Garvock Parish Church

Garvock Church, exterior, from south

Summary description

Rebuilt in 1782, possibly on the site of its medieval predecessor. It appears to be no longer in ecclesiastical use. 

Historical outline

Dedication: St James

With its dedication to St James,(1) evidence for an independent parish of Garvock is entirely lacking before the 1280s.  It is not amongst the many parishes in the Mearns dedicated by Bishop David de Bernham in the 1240s and it is not listed in the account rolls of the papal tax-collector in Scotland in the 1270s.  The earliest surviving record of the church is the charter of August 1282 whereby High Blundus, lord of Arbuthnott, granted it to the monks of Arbroath Abbey.(2)  Hugh’s charter conveyed to the monks the oxgang of land in which the church stood together with the rights of patronage of that church, and a share in the common pasture of the parish for 100 sheep, 4 horses, 10 oxen, 20 cows and 1 bull.  He promised also to secure the confirmation of his superior lords, Robert de Ros.  De Ros’s confirmation was received shortly afterwards.(3)  The following year, Bishop William Wishart confirmed the church to the abbey, permitting them to apply the teind revenues in proprios usus, and establishing a perpetual vicarage to serve the cure of souls, with confirmation of the chapter of St Andrews following immediately thereafter.(4)  The annexation and vicarage settlement continued at the Reformation when the parsonage was listed amongst the properties of Arbroath, valued at £80 annually and the perpetual vicarage was held by Mr John Wardlaw but set by him to two others for £40 annually. It is only at this time that the presence of a separate chaplainry of St Andrew within the church is recorded, valued at 40 merks.(5)

Notes

1. Mackinlay notes that the church was dedicated to St James and that a bell situated in the parish was dedicated to the same saint. It long survived the Reformation and was thought to work miraculous cures: J M Mackinlay, Ancient Church Dedications in Scotland: Scriptural Dedications (Edinburgh, 1910), 241-242.

2. Liber S Thome de Aberbrothoc, i (Bannatyne Club, 1848), no.314 [hereafter Arbroath Liber].

3. Arbroath Liber, i, no.315.

4. Arbroath Liber, i, nos 316, 317.

5. J Kirk (ed), The Books of Assumption of the Thirds of Benefices (Oxford, 1995), 82, 359.

Summary of relevant documentation

Medieval

Synopsis of Cowan’s Parishes: Granted by Hugh, lord of Arbuthnott to the abbey of Arbroath in 1282. A perpetual vicarage was erected; parsonage with the Abbey.(1)

Mackinlay notes that the church was dedicated to St James and that a bell situated in the parish was dedicated to the same saint. It long survived the Reformation and was thought to work miraculous cures.(2)

1282 Grant to Arbroath by Hugh Blundus [the blond?], lord of Arbuthnott, of one oxgang of land in which the church of Garvock is situated, rights of patronage of that church with common pasture, 100 sheep, 4 horses, 10 oxen, 20 cows and 1 bull. Confirmations in same year by Robert de Ros, Lord of Bennere and in 1283 by William Fraser, bishop of St Andrews and the chapter of the priory of St Andrews.(3)

#1425 (14 Apr) James I  has confirmed by this charter the endowment and grant which his beloved kinsman, Patrick Ogilvie, knight, of Grandon, made with the agreement of the late Alexander Ogilivie, sheriff of Forfar, his father, of one chaplain to celebrate mass in the chapel of St Mary the Virgin at Garvock.(4)[separate chapel?]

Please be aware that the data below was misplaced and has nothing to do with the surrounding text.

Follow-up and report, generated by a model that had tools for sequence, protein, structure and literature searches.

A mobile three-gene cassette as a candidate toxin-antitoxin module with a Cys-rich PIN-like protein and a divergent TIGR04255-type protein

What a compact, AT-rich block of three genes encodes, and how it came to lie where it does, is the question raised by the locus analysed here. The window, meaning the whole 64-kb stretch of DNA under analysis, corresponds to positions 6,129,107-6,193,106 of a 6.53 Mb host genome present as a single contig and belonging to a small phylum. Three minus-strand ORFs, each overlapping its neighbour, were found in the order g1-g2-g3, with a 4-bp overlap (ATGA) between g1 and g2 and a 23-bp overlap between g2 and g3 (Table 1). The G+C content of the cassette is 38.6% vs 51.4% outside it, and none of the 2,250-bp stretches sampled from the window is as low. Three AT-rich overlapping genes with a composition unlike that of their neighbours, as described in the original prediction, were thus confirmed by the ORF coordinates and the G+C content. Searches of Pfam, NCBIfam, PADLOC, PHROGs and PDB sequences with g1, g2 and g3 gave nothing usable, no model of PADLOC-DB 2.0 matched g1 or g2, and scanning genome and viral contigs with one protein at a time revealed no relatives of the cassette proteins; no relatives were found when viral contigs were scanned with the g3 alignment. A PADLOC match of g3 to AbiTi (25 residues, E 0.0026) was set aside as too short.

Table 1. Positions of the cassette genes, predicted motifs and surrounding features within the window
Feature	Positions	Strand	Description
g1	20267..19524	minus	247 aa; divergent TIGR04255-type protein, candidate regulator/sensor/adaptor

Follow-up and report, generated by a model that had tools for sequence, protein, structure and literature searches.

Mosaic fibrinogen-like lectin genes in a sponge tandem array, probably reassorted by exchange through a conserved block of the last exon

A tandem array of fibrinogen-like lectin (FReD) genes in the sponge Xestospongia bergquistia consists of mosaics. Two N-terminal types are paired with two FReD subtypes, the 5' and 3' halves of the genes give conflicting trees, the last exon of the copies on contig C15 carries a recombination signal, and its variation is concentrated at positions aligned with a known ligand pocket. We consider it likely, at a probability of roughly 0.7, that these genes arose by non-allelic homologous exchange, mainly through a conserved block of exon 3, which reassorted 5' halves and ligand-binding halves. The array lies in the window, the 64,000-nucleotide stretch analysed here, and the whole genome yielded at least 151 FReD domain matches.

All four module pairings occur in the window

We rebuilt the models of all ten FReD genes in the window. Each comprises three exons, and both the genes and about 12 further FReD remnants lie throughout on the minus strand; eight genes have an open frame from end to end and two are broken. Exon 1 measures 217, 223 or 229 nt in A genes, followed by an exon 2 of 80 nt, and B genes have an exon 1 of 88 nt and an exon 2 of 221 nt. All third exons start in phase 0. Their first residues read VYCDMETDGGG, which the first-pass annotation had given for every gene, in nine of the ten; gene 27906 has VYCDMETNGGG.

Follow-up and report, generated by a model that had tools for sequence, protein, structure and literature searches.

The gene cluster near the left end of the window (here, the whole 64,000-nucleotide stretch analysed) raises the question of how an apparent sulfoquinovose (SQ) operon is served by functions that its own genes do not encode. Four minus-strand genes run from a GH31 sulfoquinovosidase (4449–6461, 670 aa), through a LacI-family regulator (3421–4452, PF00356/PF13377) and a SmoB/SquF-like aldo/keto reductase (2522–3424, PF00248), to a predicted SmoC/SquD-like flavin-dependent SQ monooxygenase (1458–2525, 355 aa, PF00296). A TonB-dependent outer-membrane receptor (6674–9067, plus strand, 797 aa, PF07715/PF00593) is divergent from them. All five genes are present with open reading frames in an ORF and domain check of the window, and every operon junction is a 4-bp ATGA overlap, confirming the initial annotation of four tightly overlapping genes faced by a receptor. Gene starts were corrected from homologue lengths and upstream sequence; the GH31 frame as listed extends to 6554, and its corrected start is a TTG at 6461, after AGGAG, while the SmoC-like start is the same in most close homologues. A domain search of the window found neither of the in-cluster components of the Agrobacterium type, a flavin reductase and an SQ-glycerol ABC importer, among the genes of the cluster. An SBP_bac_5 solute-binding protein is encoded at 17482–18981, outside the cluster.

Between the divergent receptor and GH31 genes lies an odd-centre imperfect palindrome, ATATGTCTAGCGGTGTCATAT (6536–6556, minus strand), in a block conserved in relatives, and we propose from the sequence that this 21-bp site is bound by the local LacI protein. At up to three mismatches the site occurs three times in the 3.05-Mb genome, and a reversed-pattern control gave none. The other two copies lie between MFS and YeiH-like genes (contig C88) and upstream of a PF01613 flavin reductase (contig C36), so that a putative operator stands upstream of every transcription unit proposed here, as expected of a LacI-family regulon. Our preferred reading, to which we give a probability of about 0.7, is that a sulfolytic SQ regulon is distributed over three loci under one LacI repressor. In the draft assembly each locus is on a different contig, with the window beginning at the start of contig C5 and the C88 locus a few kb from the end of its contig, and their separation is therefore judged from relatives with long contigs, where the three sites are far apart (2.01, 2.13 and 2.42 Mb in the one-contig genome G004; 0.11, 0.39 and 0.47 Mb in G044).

1438 Supplication for perpetual vicarage of Garvock by William Sanquhar (illegitimate), is unsuccessful; by 1440 John Monypenny (MA) is described as perpetual vicar (value £10) and by 1442 John Jory was rector.(5)

1484 Garbal teinds set to John Straton of Rhynd for 9 years for victuals.(6)

 1484 Robert Merteyn presented to the perpetual vicarage by Archbishop of St Andrews, vacant by resignation of John Fordyce.(7)

1492 Reference in charther that the teind sheaves of Garoch are used to sustain the abbey’s cellarer.(8)

1497 Teinds set for 15 years to the current vicar Robert Martin; £46 to be paid to the cellarer. In 1506 set again to Robert for 19 years for same terms.(9)

1502 On resignation of above, Robert Walter Straton (rector of Dunnottar) is presented to the vicarage. Ineffective as in 1512 church described as vacant for 10 years, Dionysius Auchlek presented to vicarage.(10)

1513 Robert Martini described as perpetual vicar.(11)

1524 Garbal teinds set for 9 years to Elizabeth Martin, widow of John Martine, burgess of Aberdeen (£80 but includes further vills outside of the parish).

1529 Teinds set for 19 years (to commence in 1535) to Thomas Arkyn de Halton, royal secretary.(12)

Post-medieval

Books of assumption of thirds of benefices and Accounts of the collectors of thirds of benefices: The Parish church parsonage with Arbroath, value £80. Vicarage with John Wardlaw value £40.

Altars and Chaplainries

Chaplainry of St Andrew, value £26 13s 4d.(13)

Account of Collectors of Thirds of Benefices (G. Donaldson): Third of vicarage £6 13s 4d.(14)

1610 (7 Sept) Visitation of the church of Garvoch finds the minister (Robert Arbuthnottt) to be competent and the kirk fabric to be in good estate and the kirk dykes are required to be built according to the act of Parliament.(15)

1681 (3 Aug) Visitation of the church of Garvoch by the Presbytery of Fordoun notes that the minister (John Milne) has a stipend of 200 marks. (no reference to fabric).(16)